Adventures in Research Creation (ARC) had auspicious beginnings last week. Our eminent collaborators, filmmakers Midi Onodera and Phil Hoffman, joined us in Montreal for a two-day Korsakow workshop on Oct 13 & 14, with resident facilitator/artist/coach, Dayna McLeod, who provided one-on-two orientation to the Korsakow system, which we’ve invited them to explore. While seasoned filmmakers Midi and Phil, initially expressed some initial apprehension about the relation of the Korsakow system to their practices, they both launched with sweet abandon into the realm of what I nicknamed in making a Korsakow film: the ether (dreamland of ideas, love it here), production (compress your damned SNU in the right codec!) and the abyss of Korsakow mechanics (apologies to Florian and Dave, who do always make it work).
Midi is well-known since 2006 for her disciplined, calendar-structured movie-making for mobile media, with projects such as 365 Short Videos (a movie-a-day created in 2006–07), Movie of the Week (2009) and this year’s FPS which is entirely composed of still images. Movie of the Week is currently on view at the Communication Studies Media Gallery at Concordia, soon to be reviewed by anamorphic media artist extraordinaire and new PhD student, Alison Emiko Loader, in the online peer-reviewed, Imaginations. (You’ll find an earlier interview with Midi here.) During the workshop, Midi deconstructed a recently completed linear film, which she shot in Tuscany this summer (feature-length in Onodera-n terms, at 10 minutes). But then shockingly concluded that her experiment hadn’t worked! The linear hadn’t so simply migrated or unbundled itself into the non-linear. Ah, sweet sound to my ears, as I’m anxiously awaiting that she begin experimenting with her footage and photos from Afghanistan where she was artist-in-residence with the Canadian Forces in September 2010. (After her talk at our department in mid-September I asked her what she’d do differently if she were able to go for a re-shoot? “I’d duct-tape iPhones and iPads to my body so they’d be ready to go at any moment, in any direction.”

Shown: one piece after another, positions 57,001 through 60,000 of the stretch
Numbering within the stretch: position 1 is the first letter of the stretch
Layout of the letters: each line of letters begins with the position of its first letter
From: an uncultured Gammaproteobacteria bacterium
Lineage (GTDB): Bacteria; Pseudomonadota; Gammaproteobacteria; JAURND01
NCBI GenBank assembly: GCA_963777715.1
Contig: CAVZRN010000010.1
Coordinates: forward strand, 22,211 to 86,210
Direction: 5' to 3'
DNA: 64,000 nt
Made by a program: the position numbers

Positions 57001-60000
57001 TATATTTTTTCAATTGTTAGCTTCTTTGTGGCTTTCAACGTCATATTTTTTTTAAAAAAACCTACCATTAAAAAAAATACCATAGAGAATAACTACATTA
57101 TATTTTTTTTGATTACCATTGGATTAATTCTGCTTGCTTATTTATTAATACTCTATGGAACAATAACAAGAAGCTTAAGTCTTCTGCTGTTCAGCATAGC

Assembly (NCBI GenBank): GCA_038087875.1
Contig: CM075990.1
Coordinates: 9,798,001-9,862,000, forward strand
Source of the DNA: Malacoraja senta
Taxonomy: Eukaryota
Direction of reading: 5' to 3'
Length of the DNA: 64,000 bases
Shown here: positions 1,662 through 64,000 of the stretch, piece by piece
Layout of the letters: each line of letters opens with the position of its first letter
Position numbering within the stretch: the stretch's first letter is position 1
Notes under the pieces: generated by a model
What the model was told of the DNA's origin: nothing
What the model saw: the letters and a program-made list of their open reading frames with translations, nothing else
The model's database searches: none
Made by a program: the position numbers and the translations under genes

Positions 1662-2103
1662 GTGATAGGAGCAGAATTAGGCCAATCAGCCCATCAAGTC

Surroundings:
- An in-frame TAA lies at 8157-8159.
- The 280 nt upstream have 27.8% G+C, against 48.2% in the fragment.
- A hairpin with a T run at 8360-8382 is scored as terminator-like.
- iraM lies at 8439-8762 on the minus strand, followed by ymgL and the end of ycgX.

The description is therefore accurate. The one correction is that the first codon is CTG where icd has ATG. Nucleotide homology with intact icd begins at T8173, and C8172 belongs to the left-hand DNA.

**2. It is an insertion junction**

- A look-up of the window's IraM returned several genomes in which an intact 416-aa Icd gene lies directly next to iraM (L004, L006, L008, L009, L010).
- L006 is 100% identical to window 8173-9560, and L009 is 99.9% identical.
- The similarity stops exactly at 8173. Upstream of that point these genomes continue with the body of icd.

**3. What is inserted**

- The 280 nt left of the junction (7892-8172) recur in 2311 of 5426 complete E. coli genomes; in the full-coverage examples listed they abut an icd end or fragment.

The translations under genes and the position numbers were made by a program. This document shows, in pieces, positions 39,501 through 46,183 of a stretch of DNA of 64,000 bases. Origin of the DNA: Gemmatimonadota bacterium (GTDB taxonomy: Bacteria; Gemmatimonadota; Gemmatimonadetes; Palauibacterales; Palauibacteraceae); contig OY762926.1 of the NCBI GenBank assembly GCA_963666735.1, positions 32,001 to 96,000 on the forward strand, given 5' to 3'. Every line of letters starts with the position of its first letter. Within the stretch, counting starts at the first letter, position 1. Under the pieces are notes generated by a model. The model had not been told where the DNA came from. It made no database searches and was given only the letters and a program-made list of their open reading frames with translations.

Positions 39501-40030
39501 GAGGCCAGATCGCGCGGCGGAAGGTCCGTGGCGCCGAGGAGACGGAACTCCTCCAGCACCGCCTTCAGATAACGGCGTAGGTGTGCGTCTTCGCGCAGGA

Phil was originally going to be ‘translating’ his remarkable analogue non-linear 16mm film projects, Opening Series into Korsakow, but hesitated when he decided that they were deeply committed to film (that is, the material pellicule, and the physical act of splicing that precedes each screening), and he has now changed tack. (He presented an Opening Series at our DNA Symposium in May 2011.) Phil arrived with a little red suitcase that weighed a ton, and has another project in mind that he experimented with while here. I’ll only say that it is an unfinished film that has been patiently waiting for 15 years. Korsakow may demonstrate itself to be the perfect remedy.
Visible City Project + Archive director Janine Marchessault was also in town, and she and I observed that we had radically different filmmakers at work: Midi’s fast-paced online persona gives us everyday glimpses in regulated doses, while Phil’s deliberative approach is like watching an iceberg, wherein much lies below the surface.
It was great to have our graduate students, Irene Serrano-Vazquez and Ryan Cadrette with us. Irene just started in our Joint PhD Progamme and is here from Madrid where she will continue her work as a journalist; she will be doing research on transmedia storytelling. Ryan is an MA student in our department doing research on interactive narrative, and was busily working on a Korsakow film for Matt’s course, the Media Research Lab. Our next touchdown is November 11.
— Monika Kin Gagnon